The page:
The same 2018 study by National Academies (as above) found considerable evidence that vaping activates cell dysfunction; promotes the formation of reactive oxygen species and oxidative stress; and can cause damage to DNA and mutagenesis. Plus, there’s a laundry list of other side effects including headaches, dizziness, nausea, chest pain and fatigue too, Vaping360 details.
Undoubtedly, nicotine-free vapes are safer than those with nicotine in them because the most harmful substance has been removed. Nevertheless, due to other toxic chemicals within the device, such as base liquids and flavouring agents, they still expose risks to one’s health.
The BMC Public Health Journal implied that inhaling nicotine-free substances can aggravate the respiratory system. Besides this, Frontiers in Psychology (Academic Journal) specified that the flavouring agents used in e-cigarettes can trigger inflammation in monocytes – a type of white blood cell – “providing insights into potential pulmonic toxicity and tissue damage in vape users”. Lastly, a 2019 study in Radiology expressed that a single use of a nicotine-free e-cigarette can impact endothelial function in healthy non-smokers, thus, consequently harming their heart and blood vessels.
Without question, smoking is far more toxic than vaping: causing approximately 1 in 5 deaths in the United States and 78,000 in the United Kingdom annually, making it one of the leading causes of death and illness internationally. The long-term effects of smoking cigarettes are well-documented too; causing an increased risk of illnesses and diseases including stroke, heart disease and lung cancer.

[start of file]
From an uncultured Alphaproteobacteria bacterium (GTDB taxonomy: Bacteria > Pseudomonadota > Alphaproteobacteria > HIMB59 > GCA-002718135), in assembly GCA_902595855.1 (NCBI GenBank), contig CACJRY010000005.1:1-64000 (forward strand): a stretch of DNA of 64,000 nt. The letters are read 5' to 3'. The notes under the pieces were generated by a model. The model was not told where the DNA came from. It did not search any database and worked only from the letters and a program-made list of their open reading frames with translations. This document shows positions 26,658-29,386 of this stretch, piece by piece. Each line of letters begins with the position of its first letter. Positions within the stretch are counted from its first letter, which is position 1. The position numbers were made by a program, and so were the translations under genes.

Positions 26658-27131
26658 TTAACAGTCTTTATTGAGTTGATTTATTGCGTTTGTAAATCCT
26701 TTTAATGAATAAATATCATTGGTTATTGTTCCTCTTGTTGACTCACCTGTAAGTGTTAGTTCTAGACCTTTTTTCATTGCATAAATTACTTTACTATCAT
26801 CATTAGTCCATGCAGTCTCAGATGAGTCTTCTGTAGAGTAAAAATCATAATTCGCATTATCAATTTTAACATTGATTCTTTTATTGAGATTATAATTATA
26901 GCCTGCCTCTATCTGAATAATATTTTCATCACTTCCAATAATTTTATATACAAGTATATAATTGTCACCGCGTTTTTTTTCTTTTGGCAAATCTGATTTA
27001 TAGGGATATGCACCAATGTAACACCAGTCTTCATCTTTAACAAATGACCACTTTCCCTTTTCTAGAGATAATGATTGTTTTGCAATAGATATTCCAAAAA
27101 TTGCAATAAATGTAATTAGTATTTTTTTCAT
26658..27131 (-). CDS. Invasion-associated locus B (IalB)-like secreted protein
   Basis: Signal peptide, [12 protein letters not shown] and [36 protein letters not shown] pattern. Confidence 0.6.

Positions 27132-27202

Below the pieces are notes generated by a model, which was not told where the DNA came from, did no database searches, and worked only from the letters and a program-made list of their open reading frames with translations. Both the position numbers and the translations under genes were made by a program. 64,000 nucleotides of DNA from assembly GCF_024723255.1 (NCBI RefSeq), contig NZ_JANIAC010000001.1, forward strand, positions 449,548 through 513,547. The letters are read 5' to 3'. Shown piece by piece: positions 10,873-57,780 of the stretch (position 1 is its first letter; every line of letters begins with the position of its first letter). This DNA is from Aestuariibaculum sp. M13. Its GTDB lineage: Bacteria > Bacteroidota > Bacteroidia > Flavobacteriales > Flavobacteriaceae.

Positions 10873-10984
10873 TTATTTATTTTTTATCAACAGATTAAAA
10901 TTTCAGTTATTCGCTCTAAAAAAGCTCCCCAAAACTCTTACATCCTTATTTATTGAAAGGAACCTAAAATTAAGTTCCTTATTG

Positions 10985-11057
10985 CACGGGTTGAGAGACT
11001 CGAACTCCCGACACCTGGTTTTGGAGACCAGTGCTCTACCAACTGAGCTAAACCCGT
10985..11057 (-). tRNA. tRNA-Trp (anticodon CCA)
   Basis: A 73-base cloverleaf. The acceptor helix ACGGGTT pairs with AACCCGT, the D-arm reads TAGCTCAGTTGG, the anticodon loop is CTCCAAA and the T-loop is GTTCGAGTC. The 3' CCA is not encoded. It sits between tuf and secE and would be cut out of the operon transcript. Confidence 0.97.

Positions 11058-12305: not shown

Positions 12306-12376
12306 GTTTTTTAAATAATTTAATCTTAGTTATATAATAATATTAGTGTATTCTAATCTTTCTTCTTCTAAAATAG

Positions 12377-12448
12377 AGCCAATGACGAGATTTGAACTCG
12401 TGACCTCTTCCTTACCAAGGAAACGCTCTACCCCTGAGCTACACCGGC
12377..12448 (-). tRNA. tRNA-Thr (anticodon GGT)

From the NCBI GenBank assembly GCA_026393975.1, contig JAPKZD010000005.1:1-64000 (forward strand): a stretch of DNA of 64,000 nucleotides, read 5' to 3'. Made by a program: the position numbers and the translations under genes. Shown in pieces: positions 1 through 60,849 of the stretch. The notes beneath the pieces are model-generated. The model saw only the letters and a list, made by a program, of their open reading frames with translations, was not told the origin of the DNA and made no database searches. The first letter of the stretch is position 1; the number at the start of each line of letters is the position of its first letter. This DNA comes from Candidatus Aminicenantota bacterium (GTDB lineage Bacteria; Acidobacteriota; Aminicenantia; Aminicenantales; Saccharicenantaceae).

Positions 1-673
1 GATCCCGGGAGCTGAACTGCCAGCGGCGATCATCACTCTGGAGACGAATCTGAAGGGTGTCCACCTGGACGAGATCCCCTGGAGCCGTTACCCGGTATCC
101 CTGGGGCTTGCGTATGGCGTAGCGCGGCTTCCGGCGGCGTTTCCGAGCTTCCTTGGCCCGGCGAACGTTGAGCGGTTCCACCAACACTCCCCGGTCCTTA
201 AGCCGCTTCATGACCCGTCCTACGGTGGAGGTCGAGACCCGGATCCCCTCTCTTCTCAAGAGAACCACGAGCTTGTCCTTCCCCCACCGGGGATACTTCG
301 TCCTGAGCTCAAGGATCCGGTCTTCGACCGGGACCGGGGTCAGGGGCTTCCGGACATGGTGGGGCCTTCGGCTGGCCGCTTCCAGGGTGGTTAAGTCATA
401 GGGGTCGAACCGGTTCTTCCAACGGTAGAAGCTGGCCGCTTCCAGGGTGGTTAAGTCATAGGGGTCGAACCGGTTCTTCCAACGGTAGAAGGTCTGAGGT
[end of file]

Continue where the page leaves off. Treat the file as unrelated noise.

But, even though smoking is infamously known as more toxic than e-cigarettes, this doesn’t put vaping at the other end of the spectrum entirely: it’s still not a safe practice and, irrespective of opinion, it unfortunately poses a significant threat to society. In September, a report from the Centers for Disease Control and Prevention (CDC) found 450 cases of severe vaping-related illnesses in 33 states of America; shockingly, most of the patients were under 30 and healthy. According to The Atlantic, at that time, 3 had died and the CDC were investigating a fourth.
Contrary to popular belief, if you’re a smoker, vaping could in-fact support your smoking habit long-term, not break it.
For instance, a study that collected data from the United States, United Kingdom, Canada, and Australia over a year-long period reported that 85% of vape users maintained that, whilst vaping had helped them to quit smoking, only 11% were currently abstinent, even though all had begun vaping to quit both practices entirely. Essentially, this means that vape users are no likelier to quit their practice than conventional smokers, making vaping somewhat paradoxical.
What’s more, in 2019, the National Center for Health Research reported that a 2014 study determined that, “Although smokers may believe they are vaping e-cigarettes to help them quit, 6-12 months after being first interviewed, nearly all of them are still smoking regular cigarettes”.
It appears that if you are dependent upon nicotine, you are much better off using safe termination tools that will aid you in getting away from the tobacco products and cut you loose from the nasty cravings; benefiting your health and well-being long-term. That is, instead of switching to vapes, which clearly do more harm than good.
With copious findings of the short-term symptoms, long-term effects, illnesses and deaths involved with vaping, it’s evident that them being declared as “safe” just because they are less toxic than cigarettes by comparison, has gone on for far too long. We wouldn’t rival apples and pears, so why are people doing so with cigarettes and vapes?
Ultimately, vaping is addictive and dangerous – it truly is that bad for your health and it’s time to permanently lay any myths that it isn’t, to rest.